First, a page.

A: In the M.S. in Innovation & Management program, it’s our belief that to truly make innovations like this happen, you need to wear a three-cornered hat. You have to not only understand the needs of the customers– that’s the empathy part of design thinking – you also have to deeply understand technology so that you can bridge a deep customer need with a compelling solution that leverages technology wisely.

The third aspect is the business model – being able to translate that vision you have for your solution into a business model that makes sense, one that  can scale and make money for your investors and shareholders. Finding people who have fluency in all three dimensions- customer discover, technology, and business modeling and planning – will dramatically increase a company’s success with innovation; the goal of the MSIM program is to nurture such three cornered innovation leaders.

Q: There may be a general assumption that most innovation is happening at tech companies like the ones in Silicon Valley. What role does innovation play in big companies like Ford? 

A: In a big company like Ford, it’s critical to have innovation, because historically big companies run on momentum. If you look at the data, only 20 percent of the top 50 companies from 50 years ago are still in the top 50 today. If you look at the trajectory of these companies, they all have great momentum around a single area, and then that area becomes outdated. For example, Microsoft made tremendous money on Windows and Office. Now they are looking for what’s next. One could argue that even Apple is still struggling for its next big hit.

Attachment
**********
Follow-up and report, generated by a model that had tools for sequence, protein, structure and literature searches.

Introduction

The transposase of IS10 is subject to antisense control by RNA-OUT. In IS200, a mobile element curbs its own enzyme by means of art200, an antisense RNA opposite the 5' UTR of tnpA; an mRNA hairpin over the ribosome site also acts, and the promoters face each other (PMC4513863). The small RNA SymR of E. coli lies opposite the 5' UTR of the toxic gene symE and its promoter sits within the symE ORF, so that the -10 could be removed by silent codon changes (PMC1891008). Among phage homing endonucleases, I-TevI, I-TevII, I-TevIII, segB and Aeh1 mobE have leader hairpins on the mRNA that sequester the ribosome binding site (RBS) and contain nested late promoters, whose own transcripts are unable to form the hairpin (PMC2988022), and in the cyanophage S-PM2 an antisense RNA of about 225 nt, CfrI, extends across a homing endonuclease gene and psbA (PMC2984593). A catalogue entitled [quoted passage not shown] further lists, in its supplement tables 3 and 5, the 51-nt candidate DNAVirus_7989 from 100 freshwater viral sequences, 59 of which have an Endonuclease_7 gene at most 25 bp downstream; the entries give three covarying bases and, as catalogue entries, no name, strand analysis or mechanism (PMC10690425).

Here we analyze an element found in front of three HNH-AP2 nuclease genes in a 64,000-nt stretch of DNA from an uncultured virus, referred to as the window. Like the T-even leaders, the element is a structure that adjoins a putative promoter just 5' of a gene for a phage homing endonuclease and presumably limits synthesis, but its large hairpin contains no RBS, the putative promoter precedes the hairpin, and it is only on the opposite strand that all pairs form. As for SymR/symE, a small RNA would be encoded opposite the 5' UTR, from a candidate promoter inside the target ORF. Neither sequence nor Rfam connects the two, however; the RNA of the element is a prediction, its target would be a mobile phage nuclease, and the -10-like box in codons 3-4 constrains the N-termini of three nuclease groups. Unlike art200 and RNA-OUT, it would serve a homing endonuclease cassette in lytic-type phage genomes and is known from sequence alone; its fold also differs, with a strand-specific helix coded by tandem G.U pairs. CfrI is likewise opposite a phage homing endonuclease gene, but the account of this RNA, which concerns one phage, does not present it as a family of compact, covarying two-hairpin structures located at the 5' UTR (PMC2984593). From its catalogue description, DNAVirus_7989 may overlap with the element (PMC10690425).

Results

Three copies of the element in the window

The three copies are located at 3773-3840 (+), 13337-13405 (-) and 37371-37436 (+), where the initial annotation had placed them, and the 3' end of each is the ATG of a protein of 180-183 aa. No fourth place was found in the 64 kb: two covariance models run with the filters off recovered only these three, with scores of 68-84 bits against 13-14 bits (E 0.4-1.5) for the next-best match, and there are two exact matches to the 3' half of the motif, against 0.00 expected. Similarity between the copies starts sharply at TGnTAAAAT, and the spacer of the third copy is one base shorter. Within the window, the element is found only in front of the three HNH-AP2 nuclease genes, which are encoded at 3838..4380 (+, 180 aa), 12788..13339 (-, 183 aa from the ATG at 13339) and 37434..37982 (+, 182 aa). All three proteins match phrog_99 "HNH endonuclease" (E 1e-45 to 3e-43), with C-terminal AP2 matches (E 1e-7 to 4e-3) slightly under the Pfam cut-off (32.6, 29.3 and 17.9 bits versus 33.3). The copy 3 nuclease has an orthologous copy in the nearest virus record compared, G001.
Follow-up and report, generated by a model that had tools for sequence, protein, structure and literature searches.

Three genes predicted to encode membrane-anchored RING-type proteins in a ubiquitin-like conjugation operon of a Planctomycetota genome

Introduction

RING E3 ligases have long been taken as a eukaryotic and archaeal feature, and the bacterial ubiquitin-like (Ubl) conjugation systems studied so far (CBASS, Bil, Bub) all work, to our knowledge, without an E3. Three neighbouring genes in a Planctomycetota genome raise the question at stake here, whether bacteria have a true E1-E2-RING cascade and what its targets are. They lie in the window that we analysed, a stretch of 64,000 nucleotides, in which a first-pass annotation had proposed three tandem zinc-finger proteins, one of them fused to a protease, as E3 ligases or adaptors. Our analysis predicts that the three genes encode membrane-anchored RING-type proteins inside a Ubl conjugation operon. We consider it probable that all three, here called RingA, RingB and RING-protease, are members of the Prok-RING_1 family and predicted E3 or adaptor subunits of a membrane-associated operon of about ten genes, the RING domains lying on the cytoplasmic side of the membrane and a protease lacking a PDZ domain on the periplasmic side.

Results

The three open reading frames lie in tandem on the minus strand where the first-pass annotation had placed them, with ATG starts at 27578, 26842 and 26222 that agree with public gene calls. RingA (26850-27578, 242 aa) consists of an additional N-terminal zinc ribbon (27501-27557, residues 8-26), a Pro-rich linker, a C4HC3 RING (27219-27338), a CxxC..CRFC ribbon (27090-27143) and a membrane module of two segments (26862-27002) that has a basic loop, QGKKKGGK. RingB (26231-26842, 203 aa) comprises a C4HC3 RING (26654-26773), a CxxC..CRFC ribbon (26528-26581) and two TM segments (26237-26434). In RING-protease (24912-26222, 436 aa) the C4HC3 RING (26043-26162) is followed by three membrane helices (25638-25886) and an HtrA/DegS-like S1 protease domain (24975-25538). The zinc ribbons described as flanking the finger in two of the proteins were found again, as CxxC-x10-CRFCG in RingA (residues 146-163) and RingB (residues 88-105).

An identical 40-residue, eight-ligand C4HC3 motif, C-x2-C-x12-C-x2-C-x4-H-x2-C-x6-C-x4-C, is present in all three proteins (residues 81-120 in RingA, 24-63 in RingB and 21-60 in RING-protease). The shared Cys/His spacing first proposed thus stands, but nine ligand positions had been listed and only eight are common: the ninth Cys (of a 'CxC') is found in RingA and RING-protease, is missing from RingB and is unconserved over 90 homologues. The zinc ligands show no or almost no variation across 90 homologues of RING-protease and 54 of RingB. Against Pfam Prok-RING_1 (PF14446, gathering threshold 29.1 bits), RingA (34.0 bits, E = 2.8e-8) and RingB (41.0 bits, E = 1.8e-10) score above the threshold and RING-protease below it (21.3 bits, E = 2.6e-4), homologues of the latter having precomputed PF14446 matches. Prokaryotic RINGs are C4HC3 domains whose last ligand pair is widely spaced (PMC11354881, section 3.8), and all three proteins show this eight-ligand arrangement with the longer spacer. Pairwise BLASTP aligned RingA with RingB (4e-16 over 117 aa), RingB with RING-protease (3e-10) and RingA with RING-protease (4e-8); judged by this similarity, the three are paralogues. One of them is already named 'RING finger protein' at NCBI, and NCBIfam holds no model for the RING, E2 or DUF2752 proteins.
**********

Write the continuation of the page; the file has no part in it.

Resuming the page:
Being able to juggle innovation or create new things within a multibillion top dollar company is a challenge. And very few companies have met that challenge.

Q: What companies have used innovation to its advantage?

A: Classically, when academics look at a company’s success, they see successive waves, with very few companies achieving the second and third waves. Amazon is one of the few companies that has. They started off as a bookseller, then broadened into other retail categories online, and are now into video streaming, cloud computing, home voice control, etc.

They’ve made mistakes along the way, but that’s part of their secret, their willingness to experiment and to test new business models and let the market decide. Using frequent, rapid, iterations versus infrequent, big bang deliverables, is a much faster and more productive way to discover new markets.

Q: What else can companies do to encourage innovation? 

A: It’s hard to schedule creativity – it’s essentially unpredictable. Therefore, to increase the probability of uncovering innovation, increase the rate of experimenting with new ideas. Rather than try and pick your winners early, encourage frequent and fast testing of ideas, and over time, as experiments yield successes, continue to feed and scale up the ideas that get traction, and allow the ones that don’t to gracefully fold. By having a funnel of multiple experiments, companies will be increasing the probability of striking success, and potentially improving the productivity and return on their people and capital investments. The combination of lean design thinking with agile development principles can be the basis for a rich innovation culture.